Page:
A herd of elk

A herd of elk is pictured in central Montana.

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Hunters can participate in a new antlerless elk shoulder season in the Paradise Valley this winter after Montana officials voted to adopt it at a meeting last Friday.

The Montana Fish and Wildlife Commission voted 4 to 1 to approve the late elk shoulder season in Hunting District 314. The district extends west from the Yellowstone River in Paradise Valley to the Gallatin Crest.

Patrick Byorth representing southwest Montana was the lone commissioner against the proposal.

During the new season, hunters with the proper permits and permission from landowners can try to bag antlerless elk on private land in the district. The late season runs from the end of the 5-week general rifle season until Feb. 15, 2022.

Commissioners on Friday also extended late antlerless elk seasons to Feb. 15 in 18 hunting districts around the state, including three in southwest Montana’s Region 3.

The changes affect hunting districts 390, 391 and 393, which encompass areas around Bozeman, Livingston, Maudlow, Ringling, Clyde Park and Townsend. The shoulder seasons end on Feb. 15, 2022.

Elk shoulder seasons were extended by more than a month in some areas even though the vast majority of public comments were in opposition to the idea, according to Montana Fish, Wildlife and Parks.

Many comments cited concerns about stress on elk, Ken McDonald, wildlife division administrator for FWP, said at last Friday’s meeting. Others were concerns from landowners.

In addition to extending the shoulder seasons, the commission moved to apply late antlerless elk seasons to public land in six hunting districts around the state.

The department initially proposed to apply the seasons to public land in 18 hunting districts this winter, but decided against it since comments were overwhelmingly opposed to the idea.

“Those comments along with some internal comments to us highlighted complexities associated with adding this additional component,” McDonald said.

While the department did not recommend extending shoulder seasons to public land this winter, it would consider it later as part of a biennial season-setting process, according to McDonald.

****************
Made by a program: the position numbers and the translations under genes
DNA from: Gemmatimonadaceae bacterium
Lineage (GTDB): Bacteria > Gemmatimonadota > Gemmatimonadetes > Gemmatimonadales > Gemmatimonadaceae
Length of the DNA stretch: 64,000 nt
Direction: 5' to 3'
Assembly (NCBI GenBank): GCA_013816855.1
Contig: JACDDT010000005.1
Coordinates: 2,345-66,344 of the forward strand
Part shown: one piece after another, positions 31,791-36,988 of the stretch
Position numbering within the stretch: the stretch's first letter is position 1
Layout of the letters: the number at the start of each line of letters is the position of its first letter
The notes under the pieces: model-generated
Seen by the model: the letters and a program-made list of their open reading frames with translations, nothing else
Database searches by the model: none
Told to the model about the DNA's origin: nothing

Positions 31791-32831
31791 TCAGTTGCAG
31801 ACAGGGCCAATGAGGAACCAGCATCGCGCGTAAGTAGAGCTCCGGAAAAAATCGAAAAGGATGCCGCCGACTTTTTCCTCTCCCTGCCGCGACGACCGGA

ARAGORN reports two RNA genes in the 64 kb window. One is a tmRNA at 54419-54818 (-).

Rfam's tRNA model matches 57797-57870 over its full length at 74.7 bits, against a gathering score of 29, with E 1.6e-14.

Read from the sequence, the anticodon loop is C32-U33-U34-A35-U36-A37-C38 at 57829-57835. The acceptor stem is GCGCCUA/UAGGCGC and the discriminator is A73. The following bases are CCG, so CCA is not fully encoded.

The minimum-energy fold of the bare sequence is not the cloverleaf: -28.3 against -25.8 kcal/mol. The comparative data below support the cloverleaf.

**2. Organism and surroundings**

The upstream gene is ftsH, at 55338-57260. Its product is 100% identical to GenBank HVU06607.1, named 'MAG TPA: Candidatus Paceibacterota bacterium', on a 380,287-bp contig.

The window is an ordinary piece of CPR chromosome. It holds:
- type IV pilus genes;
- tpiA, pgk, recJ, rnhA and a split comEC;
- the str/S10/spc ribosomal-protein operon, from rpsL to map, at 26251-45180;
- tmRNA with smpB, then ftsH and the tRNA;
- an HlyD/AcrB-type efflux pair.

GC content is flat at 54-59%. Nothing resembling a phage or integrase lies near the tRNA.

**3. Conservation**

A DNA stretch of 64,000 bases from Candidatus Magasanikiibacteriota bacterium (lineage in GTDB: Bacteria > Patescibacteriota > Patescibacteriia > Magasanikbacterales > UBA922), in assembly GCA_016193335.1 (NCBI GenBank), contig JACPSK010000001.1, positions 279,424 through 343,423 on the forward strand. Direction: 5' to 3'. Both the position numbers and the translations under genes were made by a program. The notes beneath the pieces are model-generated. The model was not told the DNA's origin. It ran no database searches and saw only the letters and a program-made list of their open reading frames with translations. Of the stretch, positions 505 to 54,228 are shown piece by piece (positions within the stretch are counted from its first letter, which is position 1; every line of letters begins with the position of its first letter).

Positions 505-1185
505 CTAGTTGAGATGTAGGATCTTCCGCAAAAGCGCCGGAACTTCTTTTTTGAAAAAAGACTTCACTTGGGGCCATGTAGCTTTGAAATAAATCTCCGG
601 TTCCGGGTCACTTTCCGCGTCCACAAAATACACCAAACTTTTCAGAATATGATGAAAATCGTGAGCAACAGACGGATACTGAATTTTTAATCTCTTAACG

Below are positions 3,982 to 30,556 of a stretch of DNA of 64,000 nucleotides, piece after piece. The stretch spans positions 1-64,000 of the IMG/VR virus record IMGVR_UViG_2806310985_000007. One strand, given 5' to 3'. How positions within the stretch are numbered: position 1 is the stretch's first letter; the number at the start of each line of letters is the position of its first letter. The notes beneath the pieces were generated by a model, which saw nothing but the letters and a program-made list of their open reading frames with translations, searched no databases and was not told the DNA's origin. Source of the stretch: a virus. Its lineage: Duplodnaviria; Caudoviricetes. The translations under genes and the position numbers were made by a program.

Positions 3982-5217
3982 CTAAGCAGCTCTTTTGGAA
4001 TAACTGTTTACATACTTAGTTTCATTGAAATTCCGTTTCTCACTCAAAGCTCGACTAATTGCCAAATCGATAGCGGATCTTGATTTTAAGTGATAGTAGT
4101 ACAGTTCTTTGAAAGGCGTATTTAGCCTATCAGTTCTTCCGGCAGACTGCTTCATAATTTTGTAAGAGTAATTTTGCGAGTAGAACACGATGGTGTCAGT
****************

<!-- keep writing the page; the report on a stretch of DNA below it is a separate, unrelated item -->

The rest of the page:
Montana first introduced elk shoulder seasons in 2015 as a tool for reducing elk numbers in areas that are over the state’s population goals.

When the state’s general rifle season isn’t enough to bring elk numbers in line with the objectives set in Montana’s Elk Management Plan, private landowners can bring in hunters for an extended season.

The seasons are normally applied to private land only and can benefit agricultural producers who lose crops to elk.

Pat Tabor, the commissioner who moved to extend the shoulder seasons, said the department has tried out various methods for managing elk, and many have been ineffective.

Later shoulder seasons will allow FWP to collect more information and address overpopulation ahead of the season-setting process, he said.

“This is a shot at trying to see what impact this has,” Tabor said. “It’s not permanent. It’s for one season.”

Byorth was in favor of opening up an elk shoulder season in HD 314 in Paradise Valley, but he opposed extending shoulder seasons in the hunting districts proposed by the department. He also opposed applying the seasons to public land.

“I believe this is illegal,” he said. “I think this is a breach of trust and I think it’s a breach of rules.”

When the state first established criteria for shoulder seasons, it was very specific not to include them on public land, according to Byorth. A public discussion should be held and criteria should be vetted ahead of any decision, he said.

“We kill more elk in Region 3 than anywhere else in the state. We have more elk hunters and a higher success rate than anywhere else,” he said. “We have three hunting districts that are over objective, and all three are barely over objective.”

Thomas Baumeister, capital leader of the Montana Chapter of Backcountry Hunters and Anglers, said shoulder seasons can be used in a targeted way to bring elk populations in line with objectives while getting the animals off of private land.

“We made a promise here to only use the elk shoulder seasons when we need to in a very deliberate way,” he said. “With at least six hunting districts where all of a sudden these elk can be hunted on public land for six or seven months, hunters are going to go on adjacent public land and kill the elk that aren’t the problem to begin with.”

An earlier version of this article mistakenly indicated that HD 314 extends west to the Madison Range and Spanish Peaks.

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Helena Dore can be reached at hdore@dailychronicle.com or at 582-2628.

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